Welcome to A Pulgarita! I aim to inspire young full-time researchers to travel and explore while rocking their own projects!
Who is the “pulgarita”?
I’m Cátia, a 28 year old Biomedical Engineer currently enrolled in a Bioengineering PhD program. I really like my research work, a combination of stem cell manufacturing and programming, and it is allowing me to learn about a lot of exciting things.
I was born and lived almost all my life in the Lisbon area, Portugal, a city and country that I absolutely love! Currently, I live in Cambridge, Massachusetts, USA, since I am doing a research period at Massachusetts Institute of Technology. So here I am to show you how I am trying to arrive to my final research destination (becoming a doctor) while traveling and exploring as much as possible on a tight budget!
Why “A Pulgarita”?
Since I was very little I was always very energetic and doing my own thing while aiming to learn a lot about the world. For instance, at the age of 4, while at a gymnastics party, instead of doing the group chroreography, I was jumping around off beat. Throughout elementary school, my favorite book was a Geography Enciclopedia that I loved to open to see pictures about very distant places that I would love to see with my own eyes one day. Fortunately I’ve been to 16 countries already =)
I think I’m like a flea in a way: always aiming to reach more than what my height allows me and always from place to place in the hope to find nice details. But I am not the bad flea that we all hate for making us itchy, at least I hope so 😉 My father saw this about me since little, so he nicknamed me “pulgarita” (“little flea” in Portuguese). Yeah, now you get it.
Why in a PhD?
Since I completed my MSc in the end of 2011 I have worked in research. I am grateful to have already published four articles and given over a dozen of presentations about my work. Back in early 2015, the perfect opportunity came to apply my research interests in the healthcare field and programming to a more industrial and entrepreneurial setting. I really thought a lot before making one, because I knew how hard and time consuming it is and how many people are drained by it. I knew that if I ever made the push, it wouldn’t be just because it would be comfortable. It was because I wanted to learn more and make an impact aligned with my values. After all, it’s 4 years of your life at least. However, the purpose of developing your research to advance knowledge is something that still excites me and keeps me going, but not only that…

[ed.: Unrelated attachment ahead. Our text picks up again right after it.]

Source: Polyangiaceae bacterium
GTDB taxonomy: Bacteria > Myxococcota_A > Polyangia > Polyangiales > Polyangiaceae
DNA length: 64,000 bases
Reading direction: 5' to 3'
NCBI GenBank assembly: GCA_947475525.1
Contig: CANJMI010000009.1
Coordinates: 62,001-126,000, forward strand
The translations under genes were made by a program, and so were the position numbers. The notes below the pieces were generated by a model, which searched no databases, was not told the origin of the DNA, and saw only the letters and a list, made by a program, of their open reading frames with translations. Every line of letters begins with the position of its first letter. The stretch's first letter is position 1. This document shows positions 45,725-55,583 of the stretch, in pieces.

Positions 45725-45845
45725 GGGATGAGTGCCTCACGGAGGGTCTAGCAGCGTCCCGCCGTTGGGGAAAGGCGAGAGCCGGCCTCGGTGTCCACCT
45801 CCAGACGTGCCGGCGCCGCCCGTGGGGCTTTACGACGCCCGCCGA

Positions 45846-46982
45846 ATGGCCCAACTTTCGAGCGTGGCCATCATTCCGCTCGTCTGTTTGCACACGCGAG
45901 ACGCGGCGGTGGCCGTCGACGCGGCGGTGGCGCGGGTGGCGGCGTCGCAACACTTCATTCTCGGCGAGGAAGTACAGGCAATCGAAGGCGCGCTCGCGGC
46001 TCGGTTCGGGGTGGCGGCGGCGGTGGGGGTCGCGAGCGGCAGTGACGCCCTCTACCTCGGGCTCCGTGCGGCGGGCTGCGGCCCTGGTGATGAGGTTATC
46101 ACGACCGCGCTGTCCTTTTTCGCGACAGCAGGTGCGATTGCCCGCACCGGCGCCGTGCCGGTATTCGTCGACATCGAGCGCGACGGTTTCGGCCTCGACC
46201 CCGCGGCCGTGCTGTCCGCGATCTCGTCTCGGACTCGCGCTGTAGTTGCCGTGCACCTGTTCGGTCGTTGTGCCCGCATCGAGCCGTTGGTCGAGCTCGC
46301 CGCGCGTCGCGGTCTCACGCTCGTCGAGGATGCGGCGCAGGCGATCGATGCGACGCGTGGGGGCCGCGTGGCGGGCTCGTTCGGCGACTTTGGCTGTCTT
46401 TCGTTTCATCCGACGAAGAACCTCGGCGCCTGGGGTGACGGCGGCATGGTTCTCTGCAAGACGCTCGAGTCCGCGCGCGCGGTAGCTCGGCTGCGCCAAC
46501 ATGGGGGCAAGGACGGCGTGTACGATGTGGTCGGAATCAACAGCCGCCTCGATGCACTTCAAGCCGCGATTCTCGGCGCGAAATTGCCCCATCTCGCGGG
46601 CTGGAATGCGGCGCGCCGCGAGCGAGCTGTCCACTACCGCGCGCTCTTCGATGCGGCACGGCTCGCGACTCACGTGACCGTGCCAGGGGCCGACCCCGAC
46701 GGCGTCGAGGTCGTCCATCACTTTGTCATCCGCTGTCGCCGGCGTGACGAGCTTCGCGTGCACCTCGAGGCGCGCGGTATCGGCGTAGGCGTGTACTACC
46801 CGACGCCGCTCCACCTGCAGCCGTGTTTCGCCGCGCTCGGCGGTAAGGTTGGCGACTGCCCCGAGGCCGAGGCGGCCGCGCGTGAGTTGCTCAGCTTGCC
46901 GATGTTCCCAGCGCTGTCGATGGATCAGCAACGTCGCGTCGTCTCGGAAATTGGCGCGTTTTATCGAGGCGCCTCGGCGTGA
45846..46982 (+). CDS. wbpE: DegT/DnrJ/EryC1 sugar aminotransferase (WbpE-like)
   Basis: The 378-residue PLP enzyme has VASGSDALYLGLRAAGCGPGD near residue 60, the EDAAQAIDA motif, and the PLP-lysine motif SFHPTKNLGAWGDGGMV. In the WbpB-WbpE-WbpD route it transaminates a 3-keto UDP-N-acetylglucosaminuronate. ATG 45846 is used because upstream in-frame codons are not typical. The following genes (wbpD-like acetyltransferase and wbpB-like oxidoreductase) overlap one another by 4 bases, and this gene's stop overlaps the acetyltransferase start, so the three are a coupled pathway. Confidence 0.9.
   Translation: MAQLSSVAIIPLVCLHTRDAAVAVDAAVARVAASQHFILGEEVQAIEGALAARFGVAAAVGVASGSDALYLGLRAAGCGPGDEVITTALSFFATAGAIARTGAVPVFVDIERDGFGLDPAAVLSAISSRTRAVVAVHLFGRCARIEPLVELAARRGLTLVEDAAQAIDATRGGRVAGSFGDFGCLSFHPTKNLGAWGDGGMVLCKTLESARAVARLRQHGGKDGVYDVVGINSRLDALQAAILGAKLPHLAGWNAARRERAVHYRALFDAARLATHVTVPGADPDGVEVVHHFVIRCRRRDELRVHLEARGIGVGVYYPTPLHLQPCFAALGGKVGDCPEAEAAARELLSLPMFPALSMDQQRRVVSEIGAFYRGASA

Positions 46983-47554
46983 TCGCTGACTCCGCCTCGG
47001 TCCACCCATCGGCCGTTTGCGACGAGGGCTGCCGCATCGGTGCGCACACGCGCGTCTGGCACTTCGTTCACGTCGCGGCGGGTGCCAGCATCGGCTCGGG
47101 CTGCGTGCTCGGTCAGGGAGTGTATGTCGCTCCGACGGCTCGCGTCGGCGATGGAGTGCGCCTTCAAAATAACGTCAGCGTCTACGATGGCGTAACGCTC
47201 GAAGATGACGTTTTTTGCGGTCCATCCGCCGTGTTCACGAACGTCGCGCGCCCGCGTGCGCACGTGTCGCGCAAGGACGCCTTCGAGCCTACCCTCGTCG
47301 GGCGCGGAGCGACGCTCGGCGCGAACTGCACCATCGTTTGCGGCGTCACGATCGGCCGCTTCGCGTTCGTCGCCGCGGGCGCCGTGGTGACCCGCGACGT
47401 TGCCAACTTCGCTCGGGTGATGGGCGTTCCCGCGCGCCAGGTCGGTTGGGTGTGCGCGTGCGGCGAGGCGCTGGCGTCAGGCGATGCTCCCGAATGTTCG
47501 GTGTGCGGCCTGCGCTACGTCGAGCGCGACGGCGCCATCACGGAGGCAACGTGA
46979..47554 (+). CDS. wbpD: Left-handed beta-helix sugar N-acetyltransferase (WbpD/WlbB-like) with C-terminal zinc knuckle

How do you travel with a full time research project?
First of all, I want to say that, at least for now, I don’t want to make traveling my full time job. I feel great having a home base and developing healthcare or programming related projects. About combining this, it is not that hard and the same advice sure applies to other full time jobs.
First of all, traveling does not mean going to a different country every single vacation period. Most enjoyable experiences come from exploring my surroundings and finding new things as a true every-day explorer. Another thing that helps me to visit a lot of different places is being on a budget, but of course not overly restrictive, then what would be the point to travel to a new place just to see everything from the outside? My third advice would be to do everything possible to be optimistic and productive to make everything at work fall into place more easily and be guilt-free in your vacations and explorations. As bonus points from being a researcher, there are abroad stays and collaborations (like my current one), conferences and other meetings that will enable you to travel while working.
What will I get from this blog?
I’m writing mainly to you, fellow young researcher with a tight schedule and budget and a desire to know more the world outside the lab/office/library/whatever, to provide:
- Budget travel tips and inspiration;
- Research motivation and communication tips;
- Coverage of related career development events and tools;
While my passion is combining both travel and full time research, I aim to also provide useful content for you, wanderluster or city explorer on a schedule and budget, while explaining how the research world works. Hopefully some of the tips and skills I provide will help with your work life as well!
With “A Pulgarita” I hope you get bitten into seeing the world with more curious eyes, that’s what keeps me going!